MARQUETTE, Mich. – Baritone-for-hire David Newman was looking forward to a year of singing gigs.
Then, in March, the early days of the COVID-19 pandemic, two members of a choir in Washington state died, and dozens more fell ill after their two-hour practice became a super-spreader event.
Concerts were quickly wiped from calendars around the world.
"The piercing irony of having to cancel is that the joy this music brings is what we now as a culture need more than ever," said an email Newman received from Wisconsin's Madison Bach Musicians.
Singing had been the centerpiece of his life. It got him through high school and into Westminster Choir College, a music school in New Jersey, where he majored in vocal performance.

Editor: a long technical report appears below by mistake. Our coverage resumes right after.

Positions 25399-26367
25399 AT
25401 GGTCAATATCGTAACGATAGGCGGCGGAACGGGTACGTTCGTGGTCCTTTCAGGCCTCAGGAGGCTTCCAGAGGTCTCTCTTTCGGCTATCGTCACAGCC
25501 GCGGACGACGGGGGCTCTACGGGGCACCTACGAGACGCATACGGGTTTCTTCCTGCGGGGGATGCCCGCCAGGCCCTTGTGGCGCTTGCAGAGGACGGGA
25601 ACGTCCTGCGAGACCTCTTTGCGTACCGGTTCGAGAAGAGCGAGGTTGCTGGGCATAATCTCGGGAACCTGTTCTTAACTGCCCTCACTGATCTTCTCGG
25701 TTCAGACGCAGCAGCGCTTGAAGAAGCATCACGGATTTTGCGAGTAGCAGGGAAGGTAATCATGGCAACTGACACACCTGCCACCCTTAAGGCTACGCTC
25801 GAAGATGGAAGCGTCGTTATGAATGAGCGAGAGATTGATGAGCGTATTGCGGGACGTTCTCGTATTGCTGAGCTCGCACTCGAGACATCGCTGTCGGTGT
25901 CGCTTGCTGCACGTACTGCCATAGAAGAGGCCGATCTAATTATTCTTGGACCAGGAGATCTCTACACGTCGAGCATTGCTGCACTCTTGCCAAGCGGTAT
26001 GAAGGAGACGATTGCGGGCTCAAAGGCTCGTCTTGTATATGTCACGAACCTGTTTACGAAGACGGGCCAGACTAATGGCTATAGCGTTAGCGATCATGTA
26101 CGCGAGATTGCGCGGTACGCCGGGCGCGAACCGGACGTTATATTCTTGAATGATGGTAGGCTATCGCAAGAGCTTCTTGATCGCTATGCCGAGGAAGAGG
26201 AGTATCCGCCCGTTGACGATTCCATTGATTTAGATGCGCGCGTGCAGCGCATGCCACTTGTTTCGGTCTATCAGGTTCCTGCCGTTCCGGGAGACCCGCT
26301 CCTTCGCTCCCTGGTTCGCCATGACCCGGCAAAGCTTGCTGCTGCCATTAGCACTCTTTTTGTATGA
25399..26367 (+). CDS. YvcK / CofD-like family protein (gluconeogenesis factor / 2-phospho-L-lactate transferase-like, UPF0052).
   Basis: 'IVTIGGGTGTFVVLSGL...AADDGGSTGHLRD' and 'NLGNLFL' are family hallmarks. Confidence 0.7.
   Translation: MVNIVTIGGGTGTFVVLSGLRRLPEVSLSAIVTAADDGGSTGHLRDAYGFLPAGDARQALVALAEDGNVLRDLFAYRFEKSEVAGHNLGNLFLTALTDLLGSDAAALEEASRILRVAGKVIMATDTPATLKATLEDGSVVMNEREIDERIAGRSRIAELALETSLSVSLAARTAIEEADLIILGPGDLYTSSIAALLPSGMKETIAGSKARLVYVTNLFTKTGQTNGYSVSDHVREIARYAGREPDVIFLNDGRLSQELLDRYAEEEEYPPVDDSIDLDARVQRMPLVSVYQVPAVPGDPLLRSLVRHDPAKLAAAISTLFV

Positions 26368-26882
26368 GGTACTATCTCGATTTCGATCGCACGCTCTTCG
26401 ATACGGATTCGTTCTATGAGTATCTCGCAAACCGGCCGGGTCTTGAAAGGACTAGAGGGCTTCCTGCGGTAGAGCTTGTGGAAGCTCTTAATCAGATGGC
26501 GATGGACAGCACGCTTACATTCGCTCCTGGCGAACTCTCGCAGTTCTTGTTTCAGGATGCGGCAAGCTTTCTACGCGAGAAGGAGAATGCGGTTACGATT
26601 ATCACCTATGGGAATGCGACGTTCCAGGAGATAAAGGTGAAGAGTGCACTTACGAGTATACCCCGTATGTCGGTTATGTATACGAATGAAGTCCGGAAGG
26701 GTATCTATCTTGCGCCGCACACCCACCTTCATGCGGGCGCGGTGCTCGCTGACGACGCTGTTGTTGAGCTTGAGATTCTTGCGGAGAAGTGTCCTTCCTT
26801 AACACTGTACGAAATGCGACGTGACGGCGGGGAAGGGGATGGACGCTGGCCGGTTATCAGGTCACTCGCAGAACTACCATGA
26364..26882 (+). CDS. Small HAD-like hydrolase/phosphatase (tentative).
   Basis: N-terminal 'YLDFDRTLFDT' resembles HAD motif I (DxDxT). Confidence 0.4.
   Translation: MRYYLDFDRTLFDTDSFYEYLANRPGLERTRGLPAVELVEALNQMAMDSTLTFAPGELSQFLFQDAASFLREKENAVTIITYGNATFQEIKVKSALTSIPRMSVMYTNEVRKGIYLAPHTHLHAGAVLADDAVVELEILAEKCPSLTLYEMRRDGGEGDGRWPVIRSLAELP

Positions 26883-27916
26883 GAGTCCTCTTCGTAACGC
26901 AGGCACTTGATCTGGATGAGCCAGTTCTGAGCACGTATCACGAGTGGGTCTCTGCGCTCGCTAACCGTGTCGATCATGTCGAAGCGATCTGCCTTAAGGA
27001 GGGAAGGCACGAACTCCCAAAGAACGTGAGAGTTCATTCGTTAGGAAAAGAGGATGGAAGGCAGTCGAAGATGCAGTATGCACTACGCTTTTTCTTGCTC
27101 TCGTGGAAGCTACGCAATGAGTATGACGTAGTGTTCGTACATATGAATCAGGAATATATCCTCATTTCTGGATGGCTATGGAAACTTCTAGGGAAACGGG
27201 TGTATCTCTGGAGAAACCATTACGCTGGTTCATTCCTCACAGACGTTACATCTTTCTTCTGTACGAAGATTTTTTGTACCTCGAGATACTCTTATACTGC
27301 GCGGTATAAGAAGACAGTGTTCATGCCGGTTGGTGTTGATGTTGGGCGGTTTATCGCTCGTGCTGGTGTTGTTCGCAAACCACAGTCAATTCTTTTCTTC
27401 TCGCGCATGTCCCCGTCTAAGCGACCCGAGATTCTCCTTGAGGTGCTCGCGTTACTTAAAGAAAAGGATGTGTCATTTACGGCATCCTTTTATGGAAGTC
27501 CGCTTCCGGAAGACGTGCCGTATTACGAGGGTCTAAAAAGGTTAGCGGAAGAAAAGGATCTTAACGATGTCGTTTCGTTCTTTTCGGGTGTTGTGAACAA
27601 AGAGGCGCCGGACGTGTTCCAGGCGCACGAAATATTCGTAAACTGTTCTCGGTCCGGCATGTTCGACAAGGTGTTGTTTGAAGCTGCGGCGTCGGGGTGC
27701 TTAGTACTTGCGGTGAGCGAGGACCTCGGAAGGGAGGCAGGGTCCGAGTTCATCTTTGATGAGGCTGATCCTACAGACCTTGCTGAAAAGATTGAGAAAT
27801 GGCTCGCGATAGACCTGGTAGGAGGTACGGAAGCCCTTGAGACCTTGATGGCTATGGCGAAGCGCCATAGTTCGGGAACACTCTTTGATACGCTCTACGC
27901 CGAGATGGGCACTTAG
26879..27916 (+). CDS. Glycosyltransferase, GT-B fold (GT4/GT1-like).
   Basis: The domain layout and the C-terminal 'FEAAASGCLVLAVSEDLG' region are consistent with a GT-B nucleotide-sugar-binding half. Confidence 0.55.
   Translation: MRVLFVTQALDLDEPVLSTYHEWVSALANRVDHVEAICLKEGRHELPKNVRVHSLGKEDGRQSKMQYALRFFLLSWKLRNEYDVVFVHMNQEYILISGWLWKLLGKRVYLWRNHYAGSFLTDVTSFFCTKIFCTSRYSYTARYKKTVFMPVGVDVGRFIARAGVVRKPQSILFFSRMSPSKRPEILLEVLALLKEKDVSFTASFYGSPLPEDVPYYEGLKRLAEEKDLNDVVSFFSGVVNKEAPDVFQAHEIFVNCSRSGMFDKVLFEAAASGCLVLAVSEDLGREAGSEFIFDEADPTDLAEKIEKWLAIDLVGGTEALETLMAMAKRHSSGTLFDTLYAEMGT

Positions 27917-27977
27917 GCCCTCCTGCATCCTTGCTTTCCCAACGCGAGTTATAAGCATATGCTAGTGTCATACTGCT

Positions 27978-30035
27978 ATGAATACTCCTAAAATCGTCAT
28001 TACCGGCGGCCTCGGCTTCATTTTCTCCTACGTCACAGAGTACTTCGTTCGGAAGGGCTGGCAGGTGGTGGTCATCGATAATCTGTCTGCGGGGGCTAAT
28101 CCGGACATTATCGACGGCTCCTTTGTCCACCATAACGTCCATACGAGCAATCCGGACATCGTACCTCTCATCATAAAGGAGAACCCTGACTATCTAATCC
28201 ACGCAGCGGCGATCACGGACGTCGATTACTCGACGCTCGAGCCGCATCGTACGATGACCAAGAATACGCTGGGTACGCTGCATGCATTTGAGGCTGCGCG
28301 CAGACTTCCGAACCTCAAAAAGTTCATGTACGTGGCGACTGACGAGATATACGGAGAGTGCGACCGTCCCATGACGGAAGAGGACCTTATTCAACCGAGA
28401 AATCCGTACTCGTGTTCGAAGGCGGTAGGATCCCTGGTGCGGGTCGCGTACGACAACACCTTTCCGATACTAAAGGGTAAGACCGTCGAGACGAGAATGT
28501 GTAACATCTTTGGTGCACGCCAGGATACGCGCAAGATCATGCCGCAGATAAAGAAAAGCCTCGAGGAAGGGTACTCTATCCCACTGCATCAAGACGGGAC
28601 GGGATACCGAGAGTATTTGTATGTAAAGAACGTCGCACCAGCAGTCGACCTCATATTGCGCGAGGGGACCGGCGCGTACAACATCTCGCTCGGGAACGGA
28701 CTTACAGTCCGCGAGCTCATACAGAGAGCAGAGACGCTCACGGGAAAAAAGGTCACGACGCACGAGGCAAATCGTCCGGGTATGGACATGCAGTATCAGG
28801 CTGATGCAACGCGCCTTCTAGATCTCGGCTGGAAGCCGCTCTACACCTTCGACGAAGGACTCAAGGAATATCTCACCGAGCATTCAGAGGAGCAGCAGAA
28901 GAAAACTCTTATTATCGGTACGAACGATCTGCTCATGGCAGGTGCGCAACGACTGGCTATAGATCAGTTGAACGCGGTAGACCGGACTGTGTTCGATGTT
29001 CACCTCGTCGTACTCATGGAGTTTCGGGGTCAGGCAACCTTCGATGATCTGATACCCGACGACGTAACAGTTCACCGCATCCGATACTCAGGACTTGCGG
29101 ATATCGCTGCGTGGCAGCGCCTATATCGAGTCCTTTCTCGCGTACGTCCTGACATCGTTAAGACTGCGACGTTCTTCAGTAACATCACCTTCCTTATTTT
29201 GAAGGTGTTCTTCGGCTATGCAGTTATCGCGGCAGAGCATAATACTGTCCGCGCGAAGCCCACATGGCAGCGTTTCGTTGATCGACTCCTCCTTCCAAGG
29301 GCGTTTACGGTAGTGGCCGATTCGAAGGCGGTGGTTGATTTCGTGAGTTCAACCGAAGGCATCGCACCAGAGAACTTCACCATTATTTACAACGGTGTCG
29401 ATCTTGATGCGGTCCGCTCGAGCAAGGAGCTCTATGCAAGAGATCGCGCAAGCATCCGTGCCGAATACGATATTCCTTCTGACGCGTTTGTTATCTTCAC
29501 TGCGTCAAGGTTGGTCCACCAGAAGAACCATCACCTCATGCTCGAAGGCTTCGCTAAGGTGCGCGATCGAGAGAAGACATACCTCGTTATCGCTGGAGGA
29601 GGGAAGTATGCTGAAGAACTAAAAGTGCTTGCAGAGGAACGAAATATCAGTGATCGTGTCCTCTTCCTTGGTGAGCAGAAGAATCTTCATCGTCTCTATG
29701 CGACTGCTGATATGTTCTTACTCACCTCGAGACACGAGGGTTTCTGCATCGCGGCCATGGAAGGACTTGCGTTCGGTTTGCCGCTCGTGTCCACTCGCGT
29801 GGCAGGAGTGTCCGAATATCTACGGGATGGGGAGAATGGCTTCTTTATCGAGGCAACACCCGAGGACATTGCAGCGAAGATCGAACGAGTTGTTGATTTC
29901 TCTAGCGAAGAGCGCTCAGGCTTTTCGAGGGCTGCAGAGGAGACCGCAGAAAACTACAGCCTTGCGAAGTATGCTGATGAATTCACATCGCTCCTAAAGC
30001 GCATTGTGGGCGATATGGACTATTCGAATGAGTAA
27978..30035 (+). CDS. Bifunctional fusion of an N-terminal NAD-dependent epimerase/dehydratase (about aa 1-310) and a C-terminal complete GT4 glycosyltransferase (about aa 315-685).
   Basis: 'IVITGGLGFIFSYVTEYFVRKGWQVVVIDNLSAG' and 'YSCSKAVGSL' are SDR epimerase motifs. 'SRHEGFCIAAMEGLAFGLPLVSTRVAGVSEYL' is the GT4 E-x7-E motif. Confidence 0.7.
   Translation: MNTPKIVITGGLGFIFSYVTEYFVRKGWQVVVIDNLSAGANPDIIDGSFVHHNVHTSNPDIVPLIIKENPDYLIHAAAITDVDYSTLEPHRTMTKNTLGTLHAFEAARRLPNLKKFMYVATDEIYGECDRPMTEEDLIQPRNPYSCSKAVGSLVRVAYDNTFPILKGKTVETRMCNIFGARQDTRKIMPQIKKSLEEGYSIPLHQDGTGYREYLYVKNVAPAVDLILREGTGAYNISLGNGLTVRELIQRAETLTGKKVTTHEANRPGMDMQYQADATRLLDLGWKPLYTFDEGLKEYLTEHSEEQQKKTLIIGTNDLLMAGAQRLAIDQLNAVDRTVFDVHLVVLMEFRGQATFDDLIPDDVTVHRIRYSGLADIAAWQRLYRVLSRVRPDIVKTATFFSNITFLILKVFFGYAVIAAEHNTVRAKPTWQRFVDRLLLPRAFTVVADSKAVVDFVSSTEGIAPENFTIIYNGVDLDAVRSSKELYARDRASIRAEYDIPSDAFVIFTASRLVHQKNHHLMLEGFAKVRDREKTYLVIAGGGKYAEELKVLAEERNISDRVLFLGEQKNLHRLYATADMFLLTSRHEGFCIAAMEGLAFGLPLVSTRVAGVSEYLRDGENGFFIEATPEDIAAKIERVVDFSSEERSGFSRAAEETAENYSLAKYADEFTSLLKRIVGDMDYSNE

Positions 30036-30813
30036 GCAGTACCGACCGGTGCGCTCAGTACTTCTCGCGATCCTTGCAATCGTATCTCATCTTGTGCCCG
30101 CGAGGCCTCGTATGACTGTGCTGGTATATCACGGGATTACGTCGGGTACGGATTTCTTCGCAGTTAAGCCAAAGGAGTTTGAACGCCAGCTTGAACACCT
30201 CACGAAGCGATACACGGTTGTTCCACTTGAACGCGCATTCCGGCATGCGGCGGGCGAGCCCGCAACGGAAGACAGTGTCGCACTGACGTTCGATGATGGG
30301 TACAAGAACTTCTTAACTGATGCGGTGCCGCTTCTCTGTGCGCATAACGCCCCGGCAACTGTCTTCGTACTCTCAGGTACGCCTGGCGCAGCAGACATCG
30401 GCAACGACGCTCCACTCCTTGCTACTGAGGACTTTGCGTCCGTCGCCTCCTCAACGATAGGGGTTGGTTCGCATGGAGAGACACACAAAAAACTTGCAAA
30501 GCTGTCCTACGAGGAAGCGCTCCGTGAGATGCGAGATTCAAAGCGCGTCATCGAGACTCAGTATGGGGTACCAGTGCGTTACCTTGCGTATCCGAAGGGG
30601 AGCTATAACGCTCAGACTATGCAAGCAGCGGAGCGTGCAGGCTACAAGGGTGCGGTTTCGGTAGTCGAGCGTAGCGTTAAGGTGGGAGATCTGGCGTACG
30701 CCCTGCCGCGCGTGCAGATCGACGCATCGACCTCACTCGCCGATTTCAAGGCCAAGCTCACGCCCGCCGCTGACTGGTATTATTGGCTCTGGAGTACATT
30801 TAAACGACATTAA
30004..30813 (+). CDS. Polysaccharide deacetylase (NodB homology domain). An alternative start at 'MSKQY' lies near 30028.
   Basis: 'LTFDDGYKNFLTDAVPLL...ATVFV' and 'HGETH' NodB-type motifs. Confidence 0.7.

When he wasn't singing professionally, he taught voice as an adjunct professor at James Madison University near his home in Virginia.
Now singing could kill.
The choir world went into deep think. Some directors took to using software that allowed singers to record individual soundtracks to be layered into virtual concerts.
Newman, who is 52 and a commanding stage presence at 6 feet 3, believed computer tricks could never capture the magic of harmonizing in person.
Trying to sing together over the internet using programs such as FaceTime presented another problem: an audio delay known as latency that makes it impossible to sync up in real time.